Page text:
Sports Rights Now Make Up 26 Percent of Global Content Spend

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TV broadcasters and streamers invested $38 billion in sports rights in 2018, nearly double the $20 billion spent in 2012, according to new research from Ampere Analysis.

Whether's its basketball, baseball, hockey or either kind of football — domestic or international versions — sports is big business. Globally, television broadcasters, and to a lesser degree, online streamers, fork out fully 26 percent of their total content spend on sports rights, according to a report published Wednesday by Ampere Analysis.

The market for sports rights has nearly doubled in the last six years, from $20 billion in 2012 to $38 billion last year and, Ampere believes, there is still plenty of room to grow.

The U.S. remains the largest single market for sports rights, with a $19 billion annual spend, a figure likely to jump as new rights cycles kick in for the NFL, MLB and later the NBA. Ampere forecasts the top U.S. leagues generating a further $4 billion per year in rights revenues by the end of the next six years.

But Europe is no spendthrift either, with broadcasters and online players in Europe's big five markets (U.K., France, Germany, Italy and Spain) shelling out €10 billion ($11 billion) for sports rights in 2018, double the amount from six years ago. European broadcasters and pay TV operators in the big five spend a third of their content budget, on average, on sports, compared to 26 percent in the U.S.

Traditional broadcasters, particularly pay TV operators such as Sky and Telefonica, are the biggest spenders, accounting for 60 percent of total sports rights spend in Europe. Online platforms have begun to enter the market but are still very minor players.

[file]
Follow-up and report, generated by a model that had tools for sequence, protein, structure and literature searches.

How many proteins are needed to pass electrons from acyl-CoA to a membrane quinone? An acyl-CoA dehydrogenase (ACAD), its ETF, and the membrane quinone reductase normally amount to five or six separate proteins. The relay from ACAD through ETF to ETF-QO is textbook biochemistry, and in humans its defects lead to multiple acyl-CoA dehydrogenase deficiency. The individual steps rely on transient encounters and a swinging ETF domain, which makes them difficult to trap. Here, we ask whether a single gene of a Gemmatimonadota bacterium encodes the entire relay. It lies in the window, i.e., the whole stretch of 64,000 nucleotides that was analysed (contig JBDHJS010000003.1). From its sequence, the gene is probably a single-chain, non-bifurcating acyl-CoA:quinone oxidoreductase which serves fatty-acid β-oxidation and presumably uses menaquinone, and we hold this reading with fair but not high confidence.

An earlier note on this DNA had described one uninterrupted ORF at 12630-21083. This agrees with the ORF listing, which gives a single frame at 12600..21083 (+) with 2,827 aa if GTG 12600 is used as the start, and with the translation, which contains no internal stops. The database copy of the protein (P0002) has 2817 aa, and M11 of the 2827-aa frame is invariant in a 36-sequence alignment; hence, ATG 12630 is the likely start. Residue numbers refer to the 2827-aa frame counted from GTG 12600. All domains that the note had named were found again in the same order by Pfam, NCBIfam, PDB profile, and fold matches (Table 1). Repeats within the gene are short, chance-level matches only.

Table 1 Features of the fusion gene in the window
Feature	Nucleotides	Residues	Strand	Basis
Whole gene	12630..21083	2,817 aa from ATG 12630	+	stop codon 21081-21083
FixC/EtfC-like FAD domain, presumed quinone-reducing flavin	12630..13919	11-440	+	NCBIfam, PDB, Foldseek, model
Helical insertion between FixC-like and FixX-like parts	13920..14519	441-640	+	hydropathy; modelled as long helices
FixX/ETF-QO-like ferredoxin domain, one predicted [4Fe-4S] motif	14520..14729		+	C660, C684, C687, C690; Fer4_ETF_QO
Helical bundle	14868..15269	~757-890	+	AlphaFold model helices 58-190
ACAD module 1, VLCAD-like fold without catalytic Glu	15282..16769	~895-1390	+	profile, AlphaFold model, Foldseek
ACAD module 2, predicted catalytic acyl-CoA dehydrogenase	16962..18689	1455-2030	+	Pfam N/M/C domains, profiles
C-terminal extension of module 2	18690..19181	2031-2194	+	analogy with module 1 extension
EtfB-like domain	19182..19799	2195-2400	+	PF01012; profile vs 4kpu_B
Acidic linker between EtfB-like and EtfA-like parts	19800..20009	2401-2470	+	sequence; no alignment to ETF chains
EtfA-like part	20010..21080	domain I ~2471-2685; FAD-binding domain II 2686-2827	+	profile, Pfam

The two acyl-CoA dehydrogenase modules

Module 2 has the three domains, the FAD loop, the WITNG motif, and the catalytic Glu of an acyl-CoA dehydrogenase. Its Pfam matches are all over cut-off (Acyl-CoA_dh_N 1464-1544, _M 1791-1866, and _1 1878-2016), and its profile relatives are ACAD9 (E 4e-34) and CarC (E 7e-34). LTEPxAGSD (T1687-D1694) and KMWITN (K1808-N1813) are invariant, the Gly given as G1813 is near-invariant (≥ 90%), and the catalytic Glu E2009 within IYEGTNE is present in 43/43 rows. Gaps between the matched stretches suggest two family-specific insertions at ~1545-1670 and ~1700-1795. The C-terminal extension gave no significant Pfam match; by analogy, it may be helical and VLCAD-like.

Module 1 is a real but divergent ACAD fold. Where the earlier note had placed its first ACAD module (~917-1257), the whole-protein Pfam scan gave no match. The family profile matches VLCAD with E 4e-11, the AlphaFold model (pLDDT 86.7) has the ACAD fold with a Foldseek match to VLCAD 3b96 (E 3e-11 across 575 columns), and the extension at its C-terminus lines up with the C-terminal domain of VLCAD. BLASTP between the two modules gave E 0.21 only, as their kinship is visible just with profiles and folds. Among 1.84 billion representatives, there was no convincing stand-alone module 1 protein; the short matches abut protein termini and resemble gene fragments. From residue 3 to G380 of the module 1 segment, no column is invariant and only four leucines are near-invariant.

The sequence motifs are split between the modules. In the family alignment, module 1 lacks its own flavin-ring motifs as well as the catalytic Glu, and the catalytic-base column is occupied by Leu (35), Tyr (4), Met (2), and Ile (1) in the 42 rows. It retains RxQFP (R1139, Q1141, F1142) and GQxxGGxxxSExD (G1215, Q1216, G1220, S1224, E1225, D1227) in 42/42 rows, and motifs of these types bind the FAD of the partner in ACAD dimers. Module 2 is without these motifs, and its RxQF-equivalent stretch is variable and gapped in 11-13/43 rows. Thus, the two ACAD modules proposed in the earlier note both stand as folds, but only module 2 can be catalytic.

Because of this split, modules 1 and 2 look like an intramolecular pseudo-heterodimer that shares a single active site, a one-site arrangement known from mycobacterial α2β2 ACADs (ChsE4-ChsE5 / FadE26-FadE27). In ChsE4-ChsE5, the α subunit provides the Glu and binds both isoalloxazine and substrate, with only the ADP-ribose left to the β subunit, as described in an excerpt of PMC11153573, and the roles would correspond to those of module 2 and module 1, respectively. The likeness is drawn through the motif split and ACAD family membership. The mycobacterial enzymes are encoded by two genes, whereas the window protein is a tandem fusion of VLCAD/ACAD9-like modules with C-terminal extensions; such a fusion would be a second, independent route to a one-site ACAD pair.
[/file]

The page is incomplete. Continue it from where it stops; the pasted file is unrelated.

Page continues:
Commercial broadcasters such as Germany's RTL, ITV in Britain and TF1 in France invest an average of 25 percent of their budget on sports, while European public broadcasters spend an average of just 10 percent, in part due to being priced out of the race for the most valuable events.

The impending launch of new streaming services — Apple TV + and Disney+ will launch next month, WarnerMedia's HBO Max and NBCUniversal's SVOD service Peacock in early 2020 — is expected to further fragment TV audiences and will likely put pressure on cash-strapped traditional broadcasters. But Alexios Dimitropoulos, a senior analyst at Ampere, believes the new SVOD wave will not drive down sports rights. 

He explains, "Although there are significant competitive pressures on TV revenues due to the rise of new online competitors, the impending direct-to-consumer fragmentation of the market may also open up opportunities for sports rights bodies — who will increasingly hold some of the few premium rights that money can still buy."